Stonington Garden Club
– Beautification – Conservation – Education –
HISTORY OF THE STONINGTON GARDEN CLUB
Although the origins of the Stonington Garden Club date back to the early 1900s, little information was recorded until July 6, 1926 when “Mrs. Frank L. Henderson won 1st prize in a rose contest at the Stonington Garden Club”, the account of which is published in The Stonington Chronology 1649-1976.
The Stonington Garden Club was a charter member of the Federated Garden Clubs of Connecticut in 1929, however, according to Stonington Historical Footnotes (August 1965 article), it disbanded during World War II, and was reorganized in 1958 with 30 members. Its purpose at that time was to stimulate interest in gardening, to encourage civic planting and to promote measures for the protection of wild flowers, native plants, birds and wildlife.
In 1996, with the active membership limited to 48 people, and an unlimited number of Friends, the membership voted on a change in the Club’s objectives, underlying the increasing awareness of the environment and the Garden Club’s role in preserving it. The objective of the Stonington Garden Club now reads, “to educate and encourage interest in the environment, conservation, community projects and to stimulate the knowledge and love of gardening.”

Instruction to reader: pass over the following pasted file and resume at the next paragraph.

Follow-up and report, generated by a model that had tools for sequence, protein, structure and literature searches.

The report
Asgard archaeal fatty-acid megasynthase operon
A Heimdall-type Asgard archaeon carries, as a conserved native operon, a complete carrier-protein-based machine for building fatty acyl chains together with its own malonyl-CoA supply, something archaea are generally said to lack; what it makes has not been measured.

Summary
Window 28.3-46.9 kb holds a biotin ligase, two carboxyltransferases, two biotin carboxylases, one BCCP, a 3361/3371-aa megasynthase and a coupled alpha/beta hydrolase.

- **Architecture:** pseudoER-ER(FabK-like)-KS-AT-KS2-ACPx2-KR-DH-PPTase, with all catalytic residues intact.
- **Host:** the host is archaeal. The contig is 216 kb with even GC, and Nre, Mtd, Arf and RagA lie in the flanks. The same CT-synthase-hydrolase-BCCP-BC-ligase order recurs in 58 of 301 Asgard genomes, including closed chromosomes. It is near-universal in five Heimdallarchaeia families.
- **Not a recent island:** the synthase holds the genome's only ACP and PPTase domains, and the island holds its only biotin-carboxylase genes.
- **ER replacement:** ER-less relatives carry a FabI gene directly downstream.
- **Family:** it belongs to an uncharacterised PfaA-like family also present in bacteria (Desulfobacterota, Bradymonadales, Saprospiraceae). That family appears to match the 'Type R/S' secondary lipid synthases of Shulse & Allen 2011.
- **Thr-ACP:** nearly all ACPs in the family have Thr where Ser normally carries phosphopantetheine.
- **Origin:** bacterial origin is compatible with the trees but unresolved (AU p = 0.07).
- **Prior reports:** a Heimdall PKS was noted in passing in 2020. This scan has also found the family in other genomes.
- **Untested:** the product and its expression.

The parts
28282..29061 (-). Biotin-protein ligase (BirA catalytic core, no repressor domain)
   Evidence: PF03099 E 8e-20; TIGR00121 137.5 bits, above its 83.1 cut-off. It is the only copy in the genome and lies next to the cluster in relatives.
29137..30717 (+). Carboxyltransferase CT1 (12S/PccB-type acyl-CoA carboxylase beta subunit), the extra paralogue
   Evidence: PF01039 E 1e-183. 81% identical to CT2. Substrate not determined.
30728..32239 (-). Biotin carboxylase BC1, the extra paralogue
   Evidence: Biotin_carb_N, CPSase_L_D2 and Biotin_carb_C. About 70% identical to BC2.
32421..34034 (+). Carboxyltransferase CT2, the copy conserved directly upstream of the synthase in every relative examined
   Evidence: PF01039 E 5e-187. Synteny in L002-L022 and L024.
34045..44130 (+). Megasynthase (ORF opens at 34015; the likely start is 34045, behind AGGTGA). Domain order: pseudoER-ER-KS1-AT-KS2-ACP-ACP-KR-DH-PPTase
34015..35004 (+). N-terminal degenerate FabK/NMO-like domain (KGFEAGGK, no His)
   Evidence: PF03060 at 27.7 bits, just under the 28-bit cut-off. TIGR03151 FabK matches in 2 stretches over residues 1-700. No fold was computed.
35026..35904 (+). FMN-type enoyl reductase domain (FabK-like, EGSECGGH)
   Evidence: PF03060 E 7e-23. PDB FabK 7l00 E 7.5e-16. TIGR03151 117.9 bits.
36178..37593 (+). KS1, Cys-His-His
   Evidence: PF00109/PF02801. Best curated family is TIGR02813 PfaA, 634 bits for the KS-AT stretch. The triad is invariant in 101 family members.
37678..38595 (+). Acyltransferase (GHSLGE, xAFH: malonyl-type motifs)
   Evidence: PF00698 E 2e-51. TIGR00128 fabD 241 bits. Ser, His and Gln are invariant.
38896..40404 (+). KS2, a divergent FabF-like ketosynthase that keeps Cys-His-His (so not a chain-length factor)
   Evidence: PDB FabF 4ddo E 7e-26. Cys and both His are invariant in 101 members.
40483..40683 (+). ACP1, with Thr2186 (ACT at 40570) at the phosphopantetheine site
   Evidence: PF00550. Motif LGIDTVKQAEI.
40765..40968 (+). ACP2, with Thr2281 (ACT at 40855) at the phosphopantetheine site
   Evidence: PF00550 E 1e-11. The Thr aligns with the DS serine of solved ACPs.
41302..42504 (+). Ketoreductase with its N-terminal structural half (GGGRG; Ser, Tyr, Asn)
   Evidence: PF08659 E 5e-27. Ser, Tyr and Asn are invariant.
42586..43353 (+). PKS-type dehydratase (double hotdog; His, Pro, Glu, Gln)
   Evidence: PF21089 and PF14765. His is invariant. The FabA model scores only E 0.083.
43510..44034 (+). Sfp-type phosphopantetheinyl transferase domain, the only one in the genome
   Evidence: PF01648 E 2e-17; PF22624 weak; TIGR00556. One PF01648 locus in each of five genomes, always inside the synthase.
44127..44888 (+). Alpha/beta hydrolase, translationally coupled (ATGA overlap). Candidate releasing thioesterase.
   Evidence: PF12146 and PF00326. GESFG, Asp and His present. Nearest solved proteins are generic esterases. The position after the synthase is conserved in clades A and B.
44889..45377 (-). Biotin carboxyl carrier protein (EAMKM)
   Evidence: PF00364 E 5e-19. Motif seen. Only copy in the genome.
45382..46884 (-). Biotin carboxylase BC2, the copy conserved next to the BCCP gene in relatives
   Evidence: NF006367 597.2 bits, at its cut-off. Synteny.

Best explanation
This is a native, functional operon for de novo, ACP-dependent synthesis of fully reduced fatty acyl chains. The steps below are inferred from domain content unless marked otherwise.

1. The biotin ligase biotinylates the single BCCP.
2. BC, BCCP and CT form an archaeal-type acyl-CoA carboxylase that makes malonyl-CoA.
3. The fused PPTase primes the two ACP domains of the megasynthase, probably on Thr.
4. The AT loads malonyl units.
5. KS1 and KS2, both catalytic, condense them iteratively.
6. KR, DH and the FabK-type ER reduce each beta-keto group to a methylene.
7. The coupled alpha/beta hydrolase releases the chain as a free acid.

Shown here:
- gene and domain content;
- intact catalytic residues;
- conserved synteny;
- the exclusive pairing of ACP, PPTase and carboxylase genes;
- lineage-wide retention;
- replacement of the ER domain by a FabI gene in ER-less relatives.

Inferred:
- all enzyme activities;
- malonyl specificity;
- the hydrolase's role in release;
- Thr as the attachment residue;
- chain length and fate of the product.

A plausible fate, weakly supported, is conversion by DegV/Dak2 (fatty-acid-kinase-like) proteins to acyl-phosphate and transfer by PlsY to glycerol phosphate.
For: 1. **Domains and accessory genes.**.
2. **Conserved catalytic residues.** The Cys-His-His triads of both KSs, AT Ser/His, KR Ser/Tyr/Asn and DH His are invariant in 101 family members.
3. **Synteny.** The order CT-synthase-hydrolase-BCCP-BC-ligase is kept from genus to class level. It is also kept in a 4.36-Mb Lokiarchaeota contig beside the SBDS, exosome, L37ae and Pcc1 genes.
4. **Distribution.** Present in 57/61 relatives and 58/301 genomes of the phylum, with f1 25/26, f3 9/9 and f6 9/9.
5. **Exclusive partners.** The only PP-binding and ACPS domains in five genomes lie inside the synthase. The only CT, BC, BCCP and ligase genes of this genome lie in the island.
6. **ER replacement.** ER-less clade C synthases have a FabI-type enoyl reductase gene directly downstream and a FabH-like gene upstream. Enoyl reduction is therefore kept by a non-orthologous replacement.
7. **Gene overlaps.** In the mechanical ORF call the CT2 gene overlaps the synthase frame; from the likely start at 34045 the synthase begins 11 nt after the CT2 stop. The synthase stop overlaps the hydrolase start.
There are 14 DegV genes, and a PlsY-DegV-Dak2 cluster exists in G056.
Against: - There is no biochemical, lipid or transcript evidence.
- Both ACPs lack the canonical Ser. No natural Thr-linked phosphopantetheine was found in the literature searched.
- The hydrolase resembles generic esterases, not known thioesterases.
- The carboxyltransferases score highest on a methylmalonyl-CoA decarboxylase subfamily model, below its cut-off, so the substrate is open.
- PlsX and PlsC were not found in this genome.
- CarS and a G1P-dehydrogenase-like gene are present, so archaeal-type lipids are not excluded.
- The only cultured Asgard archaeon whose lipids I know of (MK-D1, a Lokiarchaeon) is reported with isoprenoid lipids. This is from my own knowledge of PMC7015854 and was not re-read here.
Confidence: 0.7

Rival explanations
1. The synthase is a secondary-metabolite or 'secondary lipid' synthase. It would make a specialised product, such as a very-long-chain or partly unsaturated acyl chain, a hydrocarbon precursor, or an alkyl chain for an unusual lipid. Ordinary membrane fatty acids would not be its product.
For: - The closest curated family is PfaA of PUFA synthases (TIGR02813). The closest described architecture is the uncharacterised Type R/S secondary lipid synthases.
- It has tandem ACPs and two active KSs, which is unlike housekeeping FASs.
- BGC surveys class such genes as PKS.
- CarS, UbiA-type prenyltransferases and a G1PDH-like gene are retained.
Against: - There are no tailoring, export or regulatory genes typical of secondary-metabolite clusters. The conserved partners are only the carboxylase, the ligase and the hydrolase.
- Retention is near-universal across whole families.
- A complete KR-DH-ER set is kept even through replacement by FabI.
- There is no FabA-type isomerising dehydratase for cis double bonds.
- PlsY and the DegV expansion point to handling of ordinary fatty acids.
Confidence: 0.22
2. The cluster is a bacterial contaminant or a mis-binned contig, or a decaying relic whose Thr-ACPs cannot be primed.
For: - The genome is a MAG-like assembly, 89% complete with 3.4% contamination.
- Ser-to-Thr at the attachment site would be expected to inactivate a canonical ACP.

The Stonington Garden Club has historically aided in the beautification of its Town and Borough. Amongst it’s projects; redesigning the grounds of the historic Lighthouse, the Borough Square surrounding the Library, the wetlands adjacent to the Community Center, and purchasing and planting trees along North Main Street to replace hurricane-topples ones.
Yearly activities include: the Christmas Workshop, making decorations for local nursing homes and Meals on Wheels’ recipients, and wreaths for the Library, the Community Center, and the historic Nathaniel Palmer House; Summer floral arrangements weekly for the Library and the Lighthouse Museum; Spring and Fall, “cleanup” at the Lighthouse; the Annual Plant Sale held in May (proceeds to go to “The Children’s Garden”); and the Village Fair (held the first Saturday in August) with proceeds donated to the Stonington Community Center.